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  • Writer's pictureJohn Michael Cooper


Updated: Oct 18, 2021

A Little-Known Gospel Song by Langston Hughes and Margaret Bonds -- A Song For Now

THE DOVE: it’s a potent and beautiful symbol for deeply troubled times.

Doves possess great symbolic import in many cultures. The fact that they produce their own milk for their young makes them symbols of nourishment, care, and parental love. They also symbolize tender, physical, sexual love. And in the Christian tradition – the religious tradition to which Langston Hughes and Margaret Bonds subscribed – the dove symbolizes not only peace, but also messages of peace and salvation that are delivered from on high: it was a dove bearing an olive branch that told Noah that the Great Flood was over; it was a dove that descended to Jesus when he was baptized.

In a previous post I talked about a brilliant new series of music videos produced by an international team featuring bass-baritone Justin Hopkins and pianist Jeanne-Minette Cilliers. The title of this series is Songs of Comfort (#SongsofComfort). The series will grow over the coming weeks, including ten songs and five solo-piano pieces by Florence B. Price (1887-1953) and Margaret Bonds (1913-72), two of the greatest African American composers of the twentieth century. (Here’s the YouTube playlist. You should bookmark it.)

It’s an apt title, and today a new installment dropped, descending to our troubled times like a dove from on high. Today’s featured work is the first-ever recording of Margaret Bonds’s setting of a little known gospel song by Langston Hughes titled “When the Dove Enters In.” Check out the lyrics:

Have you ever seen a mother seek her erring son

And find him deep in sin, doing what he should not’ve done?

Then she falls down on her knees and prays he’ll be made whole,

And the dove enters into his soul.

[REFRAIN:] Oh, when the dove enters in and the light is revealed,

Your sins are forgiven and your sorrows are healed,

On the pathway to glory new wonders begin

With prayer as the healer

when the dove enters in.

Have you ever seen a father seek his wandering girl

And find her deep in sin, a prisoner of this world?

Then he falls down on his knees and prays she’ll be made whole,

And the dove enters into her soul.

[REFRAIN:] Oh, when the dove enters in and the light is revealed, . . .

Do you have a sinful brother lost outside the fold,

Wasting all his talents in a world so bleak and cold?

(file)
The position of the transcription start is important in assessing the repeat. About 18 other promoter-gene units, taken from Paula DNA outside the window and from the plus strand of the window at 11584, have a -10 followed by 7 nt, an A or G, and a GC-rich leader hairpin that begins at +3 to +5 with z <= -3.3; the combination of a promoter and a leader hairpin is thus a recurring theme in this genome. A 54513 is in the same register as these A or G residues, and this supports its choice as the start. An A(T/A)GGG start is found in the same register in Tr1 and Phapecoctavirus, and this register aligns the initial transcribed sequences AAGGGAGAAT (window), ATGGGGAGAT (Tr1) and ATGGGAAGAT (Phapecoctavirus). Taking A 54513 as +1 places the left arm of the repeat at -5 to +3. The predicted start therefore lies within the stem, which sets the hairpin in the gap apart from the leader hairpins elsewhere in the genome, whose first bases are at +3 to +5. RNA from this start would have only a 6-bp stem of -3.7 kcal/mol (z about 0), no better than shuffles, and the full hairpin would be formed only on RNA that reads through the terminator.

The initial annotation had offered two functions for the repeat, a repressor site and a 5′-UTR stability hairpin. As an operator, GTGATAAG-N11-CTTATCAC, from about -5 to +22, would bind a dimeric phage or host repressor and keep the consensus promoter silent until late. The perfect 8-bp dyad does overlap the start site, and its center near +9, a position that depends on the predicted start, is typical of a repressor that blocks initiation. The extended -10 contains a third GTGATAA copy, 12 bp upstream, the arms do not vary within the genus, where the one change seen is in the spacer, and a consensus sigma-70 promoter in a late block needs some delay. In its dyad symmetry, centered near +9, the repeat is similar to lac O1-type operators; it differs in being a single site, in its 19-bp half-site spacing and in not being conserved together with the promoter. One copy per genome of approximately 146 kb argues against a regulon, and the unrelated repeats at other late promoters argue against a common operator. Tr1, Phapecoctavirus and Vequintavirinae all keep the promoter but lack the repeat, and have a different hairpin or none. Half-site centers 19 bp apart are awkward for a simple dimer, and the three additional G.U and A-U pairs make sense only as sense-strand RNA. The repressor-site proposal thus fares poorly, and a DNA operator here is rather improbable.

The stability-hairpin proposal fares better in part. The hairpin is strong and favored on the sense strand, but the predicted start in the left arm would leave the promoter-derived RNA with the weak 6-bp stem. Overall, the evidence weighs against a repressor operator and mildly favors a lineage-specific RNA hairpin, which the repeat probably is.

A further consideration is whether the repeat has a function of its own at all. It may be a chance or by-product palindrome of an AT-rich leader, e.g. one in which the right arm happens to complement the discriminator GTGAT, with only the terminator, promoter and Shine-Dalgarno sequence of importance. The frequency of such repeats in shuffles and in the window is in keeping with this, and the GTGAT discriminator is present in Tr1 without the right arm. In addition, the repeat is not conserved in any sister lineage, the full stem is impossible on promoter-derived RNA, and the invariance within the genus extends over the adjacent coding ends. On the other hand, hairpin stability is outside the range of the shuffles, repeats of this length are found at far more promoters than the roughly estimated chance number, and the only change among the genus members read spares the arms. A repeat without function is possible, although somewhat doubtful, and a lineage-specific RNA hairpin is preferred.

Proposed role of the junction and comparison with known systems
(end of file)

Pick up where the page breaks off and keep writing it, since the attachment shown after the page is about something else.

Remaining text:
Then just fall down on your knees and pray he’ll be made whole;

Ask the dove to come into his soul.

[REFRAIN:] Oh, when the dove enters in and the light is revealed . . .

That text, typically for Hughes, is richly textured, capturing all the dovely symbolism mentioned above and adding the theme of prayer.

But it’s also appropriate for Bonds’s and Hughes’s time – and for ours. Those two great creative minds met vicariously in the early 1930s, when Bonds encountered Hughes's The Negro Speaks of Rivers in an episode of The Crisis in the basement of the library at Northwestern University (because Blacks had to study in the basement). In each other they found creative nourishment and that special sort of love that is born of friendship, collaborating on a range of important creative projects from 1936 until Hughes’s death in 1967 – some thirty-five years of friendship and the joy and peace that come, for artists, with the process of creation. In a world that was, much like our own, dominated by Black Codes and widespread belief in White sectors that Black creativity was at best limited and inferior, the intimately collaborative friendship between Bonds and Hughes brought them a peace that was – then as now – in short supply.

So bring some of that with you when you listen to Margaret Bonds’s setting of this poem by Hughes. Yes, it is beautiful (very much so!); and yes, Justin’s and Jeanne-Minette’ reading is stunning (ditto). But for the same reasons that this hitherto unknown song, soon to be published in my edition by Hildegard Publishing Company, was a song for its own time, and for Bonds and Hughes individually, it is also a song for our time and for us:

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